User Rating: 0 / 5

Star InactiveStar InactiveStar InactiveStar InactiveStar Inactive


Some breeds hardly ever bark, while others bark a lot. Barking is a way for dogs to communicate with humans, and sometimes with other dogs. Wolves don't bark, and nor do strays, there's no-one to talk to. Barking is a common alarm call and a warning to intruders, but dogs also bark because they are happy to see you, want to go out, want attention, can see a friend across the street, or just 'because'. Barking at strangers isn't always a sign of aggression. Dogs may excitedly bark at visitors in the hope that something nice will happen. If your dog barks a lot, you will know that there are differences between the kinds of bark he makes, with the alarm barking deeper and more urgent.

Saying 'good dog' can be a very effective way to get dogs to shut up when they give alarm barks, or other barks aimed at getting your attention. It might seem odd, because you are rewarding the bark, but you are also telling the dog you have heard him, so there is no need for him to repeat himself. Then you can work out what he is trying to tell you, and respond accordingly. Ignoring him may mean that he carries on barking to get you to hear him.

The main problem with barking is that it often annoys the neighbours, especially if your dog barks most of the time you are out of the house at work, or at night when people are trying to sleep. You want him to sleep at those times, so he has to be ready to sleep. Older dogs can happily sleep for long periods, so they may just need a short walk, but a young dog needs a good run before being left alone for a long time, either a long walk with some off-leash time, or a shorter walk and a ball game. Then he should be ready for a rest.

Dogs also bark less if they are left in rooms where they can't see or hear passers-by, or other stimuli that might trigger barking, and if they have chews and other toys to occupy them. The same applies to bed-time - a good run will help your dog sleep. Supervise him and keep him busy when he is outside at night.

If you take your dog out for late-night walks, teach him that you won't open the front door and go out with him if he barks, only if he is sitting nicely and quietly. This front door etiquette especially applies if you have several dogs, which can set each other off - start opening the door slowly, and at the slightest attempt to bark, close it again! Likewise, if they bark when you are just outside the door, going back in and doing the procedure again can calm them. Whispering is often an effective way to quieten a dog. He has to shut up to hear you. This is very useful for late night walks when you don't want to wake your neighbours. Whisper 'shh' and stop preparations for the walk if the dog barks. If he gives an excited bark as you go out of the door, stop in your tracks with a 'shh', and go back indoors if he barks again. He should soon realise that he only gets to go out if he is quiet. Obviously it's better if you control barking in the day time

Dogs can frighten visitors by their barking. The goal is to have him calm before you open the door and let the visitor in. It may help to take the dog outside on a lead and introduce him to the visitor with no jumping up, before going back in with the visitor. You can also increase control by working hard on 'sit' and 'stay' commands so the dog will obey these even if there is an exciting visitor that he wants to jump on. If all else fails, the visitor is very nervous and the dog wild, just shut the dog out of the room with a chew toy, then work on his manners later, with a dog-friendly visitor.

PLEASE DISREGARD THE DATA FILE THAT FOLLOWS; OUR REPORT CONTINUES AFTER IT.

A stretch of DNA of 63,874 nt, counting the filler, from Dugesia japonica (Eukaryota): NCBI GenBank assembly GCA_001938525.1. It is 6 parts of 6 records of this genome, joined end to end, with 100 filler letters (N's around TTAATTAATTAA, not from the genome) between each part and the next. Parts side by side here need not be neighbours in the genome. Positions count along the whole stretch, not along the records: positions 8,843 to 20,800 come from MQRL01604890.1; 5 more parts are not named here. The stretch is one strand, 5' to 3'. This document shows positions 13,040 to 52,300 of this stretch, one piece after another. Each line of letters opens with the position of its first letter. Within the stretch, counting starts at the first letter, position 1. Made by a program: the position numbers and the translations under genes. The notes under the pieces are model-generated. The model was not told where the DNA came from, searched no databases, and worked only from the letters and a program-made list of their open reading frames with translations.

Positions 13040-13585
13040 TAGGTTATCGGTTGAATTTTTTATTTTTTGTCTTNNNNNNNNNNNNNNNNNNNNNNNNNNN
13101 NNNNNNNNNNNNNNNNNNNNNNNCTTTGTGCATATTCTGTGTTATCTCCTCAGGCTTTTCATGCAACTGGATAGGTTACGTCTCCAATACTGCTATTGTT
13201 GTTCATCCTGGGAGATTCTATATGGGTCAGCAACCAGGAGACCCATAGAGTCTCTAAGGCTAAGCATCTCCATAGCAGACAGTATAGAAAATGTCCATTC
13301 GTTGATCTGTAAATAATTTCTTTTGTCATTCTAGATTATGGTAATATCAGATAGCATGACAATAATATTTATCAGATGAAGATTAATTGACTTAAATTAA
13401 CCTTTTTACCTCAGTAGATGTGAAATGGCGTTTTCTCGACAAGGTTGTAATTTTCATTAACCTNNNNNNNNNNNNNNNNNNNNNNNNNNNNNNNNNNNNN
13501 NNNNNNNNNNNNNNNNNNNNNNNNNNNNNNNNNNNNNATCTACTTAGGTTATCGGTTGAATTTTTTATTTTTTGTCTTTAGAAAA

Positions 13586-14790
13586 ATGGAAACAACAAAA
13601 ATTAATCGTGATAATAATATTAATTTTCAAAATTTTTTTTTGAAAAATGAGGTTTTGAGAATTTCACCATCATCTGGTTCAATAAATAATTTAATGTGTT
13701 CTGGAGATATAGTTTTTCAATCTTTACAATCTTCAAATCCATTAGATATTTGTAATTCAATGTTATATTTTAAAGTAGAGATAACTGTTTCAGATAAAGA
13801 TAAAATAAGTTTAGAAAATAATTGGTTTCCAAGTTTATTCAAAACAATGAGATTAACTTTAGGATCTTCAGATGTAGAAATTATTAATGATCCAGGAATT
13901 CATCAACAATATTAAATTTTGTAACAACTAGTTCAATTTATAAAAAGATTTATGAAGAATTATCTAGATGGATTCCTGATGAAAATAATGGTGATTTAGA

Barking at the phone is a common problem, especially in multi-dog households. You can try getting someone to phone you several times at a pre-arranged time, and not pick up the phone. Say 'Good dogs' to the dogs for telling you the phone has rung, then tell them to lie down. When they have done so and are quiet, reward them. There is often a ringleader whom you can keep on the leash in a downstay while you talk.

Dogs are more likely to bark at passers-by, joggers, bicycles, and other stimuli on walks if they aren't used to them, or have been allowed to develop bad habits. Pups and young dogs benefit from training sessions with friends walking past in different outfits, or pushing bikes, riding bikes quite near, then closer, while you get the dog to focus on you. Gradually build up his ability to focus on you rather than on the passer by or the bike. The same applies to joggers. Dogs often bark more at a single jogger than at many people involved in sports events, and it may help to take your dog to somewhere where there are so many things happening, he can't possibly bark at them all, rewarding him for paying attention to you. Informal sports events, and squares in towns with a bench where you can sit with your dog are good places for teaching him to sit quietly. Friends with well-behaved older dogs can be very good allies on walks, because young dogs will often
follow the example of the older dog, who is setting a good example.

Lastly, it's better to supervise your dog if he barks at passers-by from the garden. Dogs can get very wound up barking at people going past, and if they do get out, can be so wound up that they rush up to passers by and jump on them, and even bite, especially if they have been teased. Training is important - getting your dog to focus on you while you are outside. It also helps to use fencing of a kind that provides a safe barrier. This means that the dog is less wound up by what is happening outside the garden, and children can't poke fingers through the fencing.